L-tryptophan is an essential amino acid—your body uses amino acids to build proteins. You need tryptophan to make niacin, a B vitamin vital to serotonin, which is a neurotransmitter that helps produce healthy sleep patterns. Since your body cannot make tryptophan on its own, Stevenson says it must come from your diet (such as eggs, poultry, chia seeds, and sweet potatoes) or in supplement form. As for the long-standing belief that it’s the tryptophan content in turkey that makes you so tired after Thanksgiving? Sorry to burst your bubble, but it’s not the turkey that’s making you tired. In fact, you’ll ingest just as much tryptophan eating chicken or Cheddar cheese. According to information from Healthwise via the University of Michigan Health Department, 1 to 2 grams of tryptophan taken at bedtime can help with sleep disorders and insomnia.
At night, the pineal gland of the brain produces a hormone called melatonin, aka the “hormone of darkness.” Melatonin helps regulate the body’s day/night circadian rhythm, including the timing with which other hormones are released. Countless studies show that taking a melatonin supplement can help you get your beauty rest. Dr. Friedman recommends starting with a low 1 mg dose and says it’s crucial to time it right for your sleep pattern — if you are able to fall asleep, but have a hard time staying asleep, try taking a controlled-release formulation 30 minutes before going to bed; if you have a hard time falling asleep, a better option is a quick-release sublingual or liquid form, taken an hour before bed. If you wake up in the middle of the night, don’t take melatonin to go back to sleep, as this will throw off your internal clock. Instead, consider a late-night snack of tart cherries, walnuts, ginger root, asparagus, or pineapple, which have small amounts of melatonin.
While vitamin D has numerous roles in the body—from helping with calcium absorption to aiding in immunity. Dr. Levitan and Dr. Block point to research that shows a link between low levels of vitamin D and poor sleep quality. For instance, a 2017 study in Nutrients demonstrates an important link between levels of vitamin D and sleep disturbances. Likewise, another study observed sleep improvement with vitamin D supplementation. Since your body can only produce this fat-soluble vitamin when sunlight hits your skin, it’s common to take it in supplement form. The U.S. RDA is between 800 and 2,000 IUs of vitamin D3; however, Dr. Levitan and Dr. Block find many patients need higher doses to maintain normal serum levels. It’s important to talk with your doctor about your individual nutrient needs, as too much vitamin D can lead to constipation, nausea, vomiting, and kidney stones.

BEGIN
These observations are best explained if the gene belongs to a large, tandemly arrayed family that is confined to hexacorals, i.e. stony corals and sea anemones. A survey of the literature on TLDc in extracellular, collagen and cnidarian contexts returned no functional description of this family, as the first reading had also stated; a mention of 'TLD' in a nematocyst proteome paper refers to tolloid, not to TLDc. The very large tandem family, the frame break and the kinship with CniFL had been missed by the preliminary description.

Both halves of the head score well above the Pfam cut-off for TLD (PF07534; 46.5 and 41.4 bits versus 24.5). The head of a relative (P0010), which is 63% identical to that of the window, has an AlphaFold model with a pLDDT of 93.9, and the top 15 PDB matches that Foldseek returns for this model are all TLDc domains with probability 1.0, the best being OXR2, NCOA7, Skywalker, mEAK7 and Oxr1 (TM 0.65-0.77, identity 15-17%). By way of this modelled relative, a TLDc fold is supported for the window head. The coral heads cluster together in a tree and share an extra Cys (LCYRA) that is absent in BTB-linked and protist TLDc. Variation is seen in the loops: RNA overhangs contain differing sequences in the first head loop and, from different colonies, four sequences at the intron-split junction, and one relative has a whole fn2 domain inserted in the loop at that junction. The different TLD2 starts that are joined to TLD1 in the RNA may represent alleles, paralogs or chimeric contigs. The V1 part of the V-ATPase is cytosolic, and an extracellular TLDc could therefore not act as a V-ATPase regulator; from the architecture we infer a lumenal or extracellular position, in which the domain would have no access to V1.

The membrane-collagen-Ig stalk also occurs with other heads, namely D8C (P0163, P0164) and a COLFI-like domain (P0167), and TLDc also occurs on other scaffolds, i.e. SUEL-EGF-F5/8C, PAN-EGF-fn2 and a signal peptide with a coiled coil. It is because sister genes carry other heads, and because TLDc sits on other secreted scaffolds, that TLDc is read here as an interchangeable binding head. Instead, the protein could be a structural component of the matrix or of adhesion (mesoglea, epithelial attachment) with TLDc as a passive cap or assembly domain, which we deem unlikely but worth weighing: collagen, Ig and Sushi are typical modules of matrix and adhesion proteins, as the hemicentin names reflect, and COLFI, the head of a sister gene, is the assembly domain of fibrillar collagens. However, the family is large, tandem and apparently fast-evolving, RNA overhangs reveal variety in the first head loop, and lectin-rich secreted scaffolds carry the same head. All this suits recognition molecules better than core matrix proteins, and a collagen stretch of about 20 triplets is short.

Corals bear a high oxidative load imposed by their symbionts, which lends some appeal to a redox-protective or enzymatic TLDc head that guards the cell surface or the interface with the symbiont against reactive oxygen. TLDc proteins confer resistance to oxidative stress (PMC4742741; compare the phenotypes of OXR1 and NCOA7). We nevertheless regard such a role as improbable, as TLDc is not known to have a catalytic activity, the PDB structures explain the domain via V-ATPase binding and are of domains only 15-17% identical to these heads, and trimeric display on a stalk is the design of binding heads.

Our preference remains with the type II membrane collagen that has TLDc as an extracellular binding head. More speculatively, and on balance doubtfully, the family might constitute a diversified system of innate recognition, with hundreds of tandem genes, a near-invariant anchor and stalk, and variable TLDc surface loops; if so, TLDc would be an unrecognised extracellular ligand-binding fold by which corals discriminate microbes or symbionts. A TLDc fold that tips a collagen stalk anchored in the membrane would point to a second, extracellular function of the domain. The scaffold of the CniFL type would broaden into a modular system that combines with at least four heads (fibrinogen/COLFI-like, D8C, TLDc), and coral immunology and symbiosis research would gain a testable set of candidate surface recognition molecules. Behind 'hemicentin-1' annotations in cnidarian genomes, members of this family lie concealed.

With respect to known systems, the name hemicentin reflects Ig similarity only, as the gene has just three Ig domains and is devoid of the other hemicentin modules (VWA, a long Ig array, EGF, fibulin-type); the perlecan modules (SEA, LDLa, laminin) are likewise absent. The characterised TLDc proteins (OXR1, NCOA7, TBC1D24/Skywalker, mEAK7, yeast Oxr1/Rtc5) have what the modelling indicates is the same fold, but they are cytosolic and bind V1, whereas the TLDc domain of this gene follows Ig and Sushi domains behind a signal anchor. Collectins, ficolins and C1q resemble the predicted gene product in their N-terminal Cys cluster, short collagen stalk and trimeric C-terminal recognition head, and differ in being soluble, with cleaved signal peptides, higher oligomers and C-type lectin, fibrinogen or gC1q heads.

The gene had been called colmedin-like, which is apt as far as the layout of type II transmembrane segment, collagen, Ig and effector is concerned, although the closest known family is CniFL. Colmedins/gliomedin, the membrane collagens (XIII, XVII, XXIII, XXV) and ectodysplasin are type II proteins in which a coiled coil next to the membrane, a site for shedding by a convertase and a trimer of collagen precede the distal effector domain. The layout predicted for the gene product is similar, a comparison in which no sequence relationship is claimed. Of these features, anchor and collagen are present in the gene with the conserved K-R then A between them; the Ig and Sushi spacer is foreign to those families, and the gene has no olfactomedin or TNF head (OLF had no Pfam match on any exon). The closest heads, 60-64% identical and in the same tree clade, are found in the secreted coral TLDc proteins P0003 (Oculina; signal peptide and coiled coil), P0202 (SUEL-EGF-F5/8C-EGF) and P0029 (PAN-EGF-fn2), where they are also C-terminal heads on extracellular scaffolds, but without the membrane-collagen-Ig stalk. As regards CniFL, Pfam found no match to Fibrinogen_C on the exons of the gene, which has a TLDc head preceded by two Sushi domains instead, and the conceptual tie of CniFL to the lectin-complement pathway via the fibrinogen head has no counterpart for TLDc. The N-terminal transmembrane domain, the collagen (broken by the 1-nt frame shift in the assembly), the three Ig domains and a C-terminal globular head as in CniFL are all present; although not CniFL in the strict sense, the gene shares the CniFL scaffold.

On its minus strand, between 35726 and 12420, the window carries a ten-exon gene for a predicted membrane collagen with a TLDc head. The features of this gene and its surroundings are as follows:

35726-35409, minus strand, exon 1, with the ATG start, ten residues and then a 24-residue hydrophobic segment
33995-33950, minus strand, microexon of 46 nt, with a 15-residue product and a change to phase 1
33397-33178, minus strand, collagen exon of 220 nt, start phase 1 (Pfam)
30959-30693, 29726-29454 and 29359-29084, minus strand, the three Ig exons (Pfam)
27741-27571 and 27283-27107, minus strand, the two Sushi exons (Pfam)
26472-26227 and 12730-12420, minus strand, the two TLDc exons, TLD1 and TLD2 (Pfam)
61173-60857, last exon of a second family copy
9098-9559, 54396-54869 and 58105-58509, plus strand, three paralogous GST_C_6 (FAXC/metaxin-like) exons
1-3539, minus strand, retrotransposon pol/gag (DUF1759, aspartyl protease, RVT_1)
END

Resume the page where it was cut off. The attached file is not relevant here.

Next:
This mineral was found to be helpful for those having trouble staying asleep, says Stevenson of a study in the journal Sleep. Additional research has shown a potential link between potassium and slow-wave sleep, the deepest phase of the sleep cycle. But that doesn’t mean you have to eat bananas daily: You can also choose from avocados, crimini mushrooms, salmon, leafy green vegetables, and beans to ensure you’re receiving an adequate intake of potassium.
Calcium is another mineral that directly impacts our sleep. Stevenson cites a study in The Journal of Sleep Research that found calcium deficiency could disrupt the dream cycle of sleep known as rapid eye movement (REM). When the researchers brought calcium levels up to normal, the volunteers regained normal REM sleep. You can get the mineral from dairy or you can also eat more foods like kale, mustard, collard greens, sardines, and sesame seeds to boost your calcium intake. Or, select a supplement that meets The National Institute of Health’s Office of Dietary Supplements recommendation: adults ages 19 to 50 consume 1,000 milligrams of calcium daily, while those 51 and older should get 1,200 milligrams
Omega 3s are healthy fats that include eicosapentaenoic acid (EPA), docosahexaenoic acid (DHA), and alpha-linolenic acid (ALA). A University of Oxford study linked higher levels of omega-3 DHA—found in algae and seafood—with better sleep. Lead author, Professor Paul Montgomery of Oxford University said: “Various substances made within the body from omega-3 fatty acids have long been known to play key roles in the regulation of sleep. For example, lower ratios of DHA have been linked with lower levels of melatonin.” If you don’t enjoy salmon, you may want to try these seven omega-3 foods that don’t include fish. Another option is a supplement with a 1:1 ratio of EPA and DHA.
Source: Readers Digest